Today Rhapsody announced that it is launching free playback through an integration with Twitter’s audio cards. It works this way: if you are a subscriber and share a song, album or playlist on Twitter, anyone following you can play it for free in the Twitter mobile app.
It’s a pretty smart integration that solves a few problems for the service:
- It encourages Rhapsody’s users to share music with all their friends. This is something that Spotify has done very successfully with its social tools baked into the app.
- It gives artists an opportunity to drive potential customers to Rhapsody from their social channels, which could create an additional revenue stream for artists.
- It is focused on mobile plays, which is where a majority of listening has migrated to and where Rhapsody’s potential customers hang out.
- It limits the amount of free music by pegging the free playback to someone with an account and followers on Twitter. You can only listen on Twitter, which is very different than the all-free, all-the-time Spotify offerings.
- It gets Rhapsody in the news, as you can see by all the press the company has generated by announcing the integration at SXSW today.
Chief Financial Officer Ethan Rudin says that the project is an experiment in the US. He had a couple press quotes that seemed a bit off target.
“It’s going to be a huge experiment in how we make music social again,” Rudin told Geekwire’s Todd Bishop.
“Music has been a bit of red-headed stepchild” on social, Rudin told CNET’s Joan Solsman.
I think he forgot to add the phrase ‘on Rhapsody’ to both of those points.
One could argue that Spotify’s ability fuel enormous grow is because of its very slick social functions coupled with the a mass number of users. Meanwhile, Rhapsody’s loyal and active customers listen to tons of music in the service, but without sharing of that playback it’s locked in a vacuum. It’s been a weakness that the service has yet to address in its decade plus existence.
The integration looks nice. But it still requires Rhapsody user to do the work to help the company mine Twitter for customers. What has made Spotify so damn sticky is that its social features are automatic and on by default. On its service, you have to opt out to not share. Meanwhile Rhapsody requires that you tweet your heart out about your favorite songs to let everyone know what you’re listening to.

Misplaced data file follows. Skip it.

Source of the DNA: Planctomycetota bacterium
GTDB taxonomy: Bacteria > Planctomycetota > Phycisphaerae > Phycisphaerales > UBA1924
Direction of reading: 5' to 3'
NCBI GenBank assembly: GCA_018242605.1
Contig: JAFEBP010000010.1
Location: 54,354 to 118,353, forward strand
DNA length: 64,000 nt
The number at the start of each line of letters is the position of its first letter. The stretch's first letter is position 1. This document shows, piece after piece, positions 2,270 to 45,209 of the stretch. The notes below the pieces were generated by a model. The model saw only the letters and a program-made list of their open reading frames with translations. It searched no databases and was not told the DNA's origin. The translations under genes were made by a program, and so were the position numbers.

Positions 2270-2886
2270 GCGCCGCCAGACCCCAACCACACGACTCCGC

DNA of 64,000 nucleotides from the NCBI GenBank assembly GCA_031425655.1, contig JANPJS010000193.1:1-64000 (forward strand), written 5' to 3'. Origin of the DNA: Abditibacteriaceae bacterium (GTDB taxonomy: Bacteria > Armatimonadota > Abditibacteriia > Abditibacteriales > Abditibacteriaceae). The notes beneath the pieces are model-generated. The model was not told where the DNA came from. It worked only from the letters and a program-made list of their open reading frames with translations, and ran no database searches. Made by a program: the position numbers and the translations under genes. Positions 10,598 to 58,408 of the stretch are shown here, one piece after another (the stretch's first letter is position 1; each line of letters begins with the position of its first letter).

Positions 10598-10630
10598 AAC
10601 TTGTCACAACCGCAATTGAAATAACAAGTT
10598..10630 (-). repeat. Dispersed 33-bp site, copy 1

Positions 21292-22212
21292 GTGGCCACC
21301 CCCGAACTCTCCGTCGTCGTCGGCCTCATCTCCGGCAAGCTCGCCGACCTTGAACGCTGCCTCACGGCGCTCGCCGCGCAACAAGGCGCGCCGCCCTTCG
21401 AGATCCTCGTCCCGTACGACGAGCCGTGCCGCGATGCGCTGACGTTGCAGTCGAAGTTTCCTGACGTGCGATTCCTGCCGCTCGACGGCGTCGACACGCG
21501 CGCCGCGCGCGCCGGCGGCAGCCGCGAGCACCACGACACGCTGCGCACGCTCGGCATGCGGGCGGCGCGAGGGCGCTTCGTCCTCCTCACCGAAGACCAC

I must point out that Rhapsody has been extremely critical of free music over the years. As Spotify has grown enormously over the past couple of years Rhapsody has ratcheted up the attacks on free music.
When the Taylor Swift vs Spotify controversy was at its peak, Rhapsody Board of Directors Co-Chairmen Rob Glaser and Jason Epstein authored an opinion piece in Billboard that called free music “throwing out the baby with the bath water.” Ethan Rudin last summer told Buzzfeed that free streaming services send the wrong message to potential customers. “If you continually offer somebody the perpetually free model, they’re always going to opt not to pay for it,” is the way Rudin put it.
It should also be noted that today you cannot play on-demand tracks for free on Spotify’s mobile app, but you can play anything on the Rhapsody catalog for free on Twitter. So what happened to aligning around 100 percent paid music?
Look, I get it. A company can change its mind. Business conditions always change and if you don’t adapt, you have a good chance at being swept away. But what is equally important is that we believe in what you say. Consistency is extremely important in the music business, as it has a checkered past.
Scoring points on your competitors for giving away music while planning your own free music offering does smack a bit of talking out of both sides of ones mouth. To say the least.
Disclosure: I worked at Rhapsody for nine years before leaving in September of 2013.